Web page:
Ultimately, the model design and decisions should be based on forecasting needs and strategic considerations specific to the product. An important consideration to remember is that the patient flow model and the forecasting model do not need to be identicala patient flow model can be used to evaluate market dynamics and scenarios, while the forecasting model provides annual revenues.


Oncology is described as probably the most complex healthcare market. How do you assess this complex scenario from a modeling perspective?

Generally, patient flow modeling (and even forecasting) will be specific to one tumor type (e.g., lung, breast, hematological, etc.), to reduce complexity. This also allows flexibility to capture the nuances of these different markets across epidemiology dynamics and competitive activity. For products with multiple tumor types, the forecaster can still forecast separately for each tumor type, then aggregate revenues.


There is a need for a forecasting model that can help view oncology from a single perspective. How can this need be addressed? 

Across an organization, it is not unreasonable for different business perspectives to drive different modelseach model with its own level of granularity based on the business questions being addressed. Trying to meet every need in one model can generate an unnecessary level of complexity. For example, we typically recommend using a patient flow model to understand market dynamics and evaluate strategic or promotional scenarios, while using a traditional patient-based forecasting approach and model for revenue generation. One model can be used to inform the other model to drive consistency in assumptions and market potential, for example, deriving drug-treated patients by line of therapy.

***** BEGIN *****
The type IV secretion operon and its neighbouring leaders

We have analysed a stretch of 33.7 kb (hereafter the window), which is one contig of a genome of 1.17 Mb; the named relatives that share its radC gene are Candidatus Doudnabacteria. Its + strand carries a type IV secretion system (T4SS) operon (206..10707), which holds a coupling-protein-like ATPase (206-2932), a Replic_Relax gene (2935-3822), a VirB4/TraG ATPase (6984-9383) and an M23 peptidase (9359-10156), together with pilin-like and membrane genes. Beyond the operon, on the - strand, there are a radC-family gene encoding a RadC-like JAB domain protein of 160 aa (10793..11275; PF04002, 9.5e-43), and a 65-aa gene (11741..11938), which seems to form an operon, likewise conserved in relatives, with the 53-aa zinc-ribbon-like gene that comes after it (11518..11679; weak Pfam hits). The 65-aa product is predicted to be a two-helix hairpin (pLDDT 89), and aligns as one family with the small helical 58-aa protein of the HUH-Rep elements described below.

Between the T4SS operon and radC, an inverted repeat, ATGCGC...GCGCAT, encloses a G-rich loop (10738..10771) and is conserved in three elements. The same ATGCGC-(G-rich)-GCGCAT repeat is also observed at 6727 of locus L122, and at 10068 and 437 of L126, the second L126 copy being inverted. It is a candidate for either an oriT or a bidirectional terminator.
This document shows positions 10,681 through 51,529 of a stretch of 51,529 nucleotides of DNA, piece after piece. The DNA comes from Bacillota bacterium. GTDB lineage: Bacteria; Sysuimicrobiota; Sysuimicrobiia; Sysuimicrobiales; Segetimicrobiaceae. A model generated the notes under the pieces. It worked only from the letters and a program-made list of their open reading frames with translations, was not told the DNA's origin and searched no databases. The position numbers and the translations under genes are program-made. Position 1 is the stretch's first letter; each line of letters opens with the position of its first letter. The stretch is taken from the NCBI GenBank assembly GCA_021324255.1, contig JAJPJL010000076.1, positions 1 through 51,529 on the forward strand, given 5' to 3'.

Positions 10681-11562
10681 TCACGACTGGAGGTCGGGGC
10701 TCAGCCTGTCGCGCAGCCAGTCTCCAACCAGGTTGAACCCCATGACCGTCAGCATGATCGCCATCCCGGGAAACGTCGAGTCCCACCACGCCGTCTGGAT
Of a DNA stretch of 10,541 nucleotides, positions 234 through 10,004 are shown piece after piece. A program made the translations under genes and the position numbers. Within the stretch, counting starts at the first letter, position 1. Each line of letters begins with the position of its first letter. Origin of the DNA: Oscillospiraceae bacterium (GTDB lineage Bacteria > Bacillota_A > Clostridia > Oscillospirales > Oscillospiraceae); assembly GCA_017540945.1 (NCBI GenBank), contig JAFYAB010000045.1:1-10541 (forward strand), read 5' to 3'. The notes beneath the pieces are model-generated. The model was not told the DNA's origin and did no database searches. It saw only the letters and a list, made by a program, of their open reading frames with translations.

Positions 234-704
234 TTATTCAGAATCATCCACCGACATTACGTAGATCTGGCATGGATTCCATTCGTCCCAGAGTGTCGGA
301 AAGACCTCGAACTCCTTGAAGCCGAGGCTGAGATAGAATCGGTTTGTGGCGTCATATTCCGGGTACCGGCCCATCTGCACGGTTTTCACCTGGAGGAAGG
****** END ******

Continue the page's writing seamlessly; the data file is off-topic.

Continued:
What is the best way to account for the complex ways the patient source develops and also to introduce flexibility to accommodate changes in the eligible population? 

Every patient flow model is typically customized to the therapeutic area, market dynamics, product profile, broader strategy, and specific business questions. Typically, models are designed with flexibility for inputs to be updated frequently as new data becomes available. This reflects the forecasting philosophy that forecasts are ongoing, living documents used to guide decision-making prior to launch, but with the expectation of being updated as new information becomes available.  


Can you highlight best practices for patient flow forecasting, use of patient-level data, and innovations with agent-based modeling that support a transparent, manageable, and credible patient flow model? 

The most important point to keep in mind for both patient flow and agent-based modeling is to design the model to address the business questions at hand, based on available data. Its similar for general patient-based forecast: The outputs are only as robust and defensible as the inputs.

Learn more about patient flow modeling at the Pharma Forecasting Excellence Summit in Boston from October 5-6, 2010.